General adoptability of self-contained simulated teamwork activity

Project No.
PI Name
Kevin Hadley
South Dakota School of Mines and Technology

Abstract 1

General adoptability of self-contained simulated teamwork activity

Presentation Type
Kevin Hadley, South Dakota School of Mines and Technology Ken Reid, Virginia Tech Kyle Caudle, South Dakota School of Mines and Technology


The need for training teamwork is well documented. However, the methods for doing so can be restrictive from a number of perspectives. First, finding effective means for developing teamwork can be difficult and may require a lot of experience. Also, some methods are costly in terms of time commitment or financially.

We have developed an 3-hour experiential activity capable of improving a number of key teamwork skills from a constructivist point of view.

Because it is only requires a three hour commitment, it has a maximum one-time cost of ~$500, and it is 'fun', a professor can introduce it to their students to better reinforce effective teamwork skills.


The overarching goal is explore the adoptability of our teamwork development exercise. In addition, we want to more thoroughly explore which teamwork skills the activity is more effective at targeting.

The activity is being introduced to a number of campuses and a variety of disciplines to highlight the activities shortcomings. Currently, we are collecting baseline data to observe the impact of our activity.


We are taking a constructivist approach to developing teamwork skills. In short, the students engage in a simulated teamwork exercise with little to no direction aside from the exercise goals. By doing so, their personal drawbacks and strengths associated with teamwork can be highlighted. Afterwards, through facilitated reflection and feedback mechanisms, the learning objectives of the exercise (i.e., recognizing the value of intellectual diversity) are aligned with elements in built into the exercise (i.e., each student's role in the activity has unique capabilities). The important formal elements of the effective teamwork model are shared and discussed. Finally, the students engage in the activity a second time, but with an increased level of difficulty and a better understanding of how to effectively work as a team. The students perform one more formal reflection through a memo where they reflect on new strategies and how they changed the outcomes.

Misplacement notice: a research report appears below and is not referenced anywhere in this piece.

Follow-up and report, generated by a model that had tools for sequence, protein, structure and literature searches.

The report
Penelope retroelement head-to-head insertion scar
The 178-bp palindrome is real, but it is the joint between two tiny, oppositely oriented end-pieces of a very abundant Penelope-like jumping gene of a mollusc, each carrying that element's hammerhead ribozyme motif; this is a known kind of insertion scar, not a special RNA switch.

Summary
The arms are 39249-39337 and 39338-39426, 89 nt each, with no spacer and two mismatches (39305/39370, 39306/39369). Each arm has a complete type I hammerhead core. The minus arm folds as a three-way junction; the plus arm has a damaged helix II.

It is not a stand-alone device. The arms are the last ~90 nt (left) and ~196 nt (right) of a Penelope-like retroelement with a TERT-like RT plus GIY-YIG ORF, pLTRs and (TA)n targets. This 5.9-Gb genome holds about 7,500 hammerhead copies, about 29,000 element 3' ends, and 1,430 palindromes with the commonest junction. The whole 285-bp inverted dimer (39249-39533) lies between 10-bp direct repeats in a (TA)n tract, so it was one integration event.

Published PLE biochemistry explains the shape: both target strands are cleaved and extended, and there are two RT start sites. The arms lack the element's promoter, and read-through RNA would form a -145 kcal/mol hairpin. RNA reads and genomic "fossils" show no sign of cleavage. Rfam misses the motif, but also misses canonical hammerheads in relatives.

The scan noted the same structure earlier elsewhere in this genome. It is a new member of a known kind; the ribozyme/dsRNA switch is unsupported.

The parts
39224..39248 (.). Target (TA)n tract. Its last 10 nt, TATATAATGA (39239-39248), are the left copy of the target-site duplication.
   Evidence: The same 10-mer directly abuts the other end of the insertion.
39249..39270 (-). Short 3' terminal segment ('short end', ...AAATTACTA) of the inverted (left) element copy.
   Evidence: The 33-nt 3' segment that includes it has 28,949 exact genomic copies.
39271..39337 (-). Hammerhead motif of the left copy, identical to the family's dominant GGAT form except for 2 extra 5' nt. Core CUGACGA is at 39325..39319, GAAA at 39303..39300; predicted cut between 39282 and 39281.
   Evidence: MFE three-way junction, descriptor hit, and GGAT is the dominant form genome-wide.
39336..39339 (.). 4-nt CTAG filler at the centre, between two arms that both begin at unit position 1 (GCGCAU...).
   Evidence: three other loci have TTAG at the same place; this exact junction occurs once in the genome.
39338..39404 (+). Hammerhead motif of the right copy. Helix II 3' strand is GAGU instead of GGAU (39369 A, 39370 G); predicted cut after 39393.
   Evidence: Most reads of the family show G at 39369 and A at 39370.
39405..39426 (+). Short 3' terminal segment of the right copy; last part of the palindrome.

Preliminary studies show the activity is effective at increasing teamwork skills. From analysis of student reflections, we have identified little to no resistance from participation due to its 'fun factor'. We anticipate this can be adopted by any discipline and any institution.

The next step is to characterize the current approach from our beta-testers and compare the impact to our new activity. By doing so, we can highlight the impact and the adoptability of this exercise.

Broader Impacts

The broader impacts are to equip students with a solid background in teamwork at the beginning of their academic career versus the end. By doing so, we anticipate the students will be highly effective team members upon entering the workforce. We hope to share our results and approaches through workshops and offering all activity materials online for easy and quick adoption by STEM professors around the globe.

Unexpected Challenges

Coordinating between so many sites for beta-testing. With seven beta-testing sites, it has been difficult to keep everyone informed and in line with the needs of the research.


Hadley KR, モTeaching Teamwork Skills through Alignment of Features within a Commerical Board Game.ヤ Int. J. Eng. Educ.; v.30: I 6(A) (2014).

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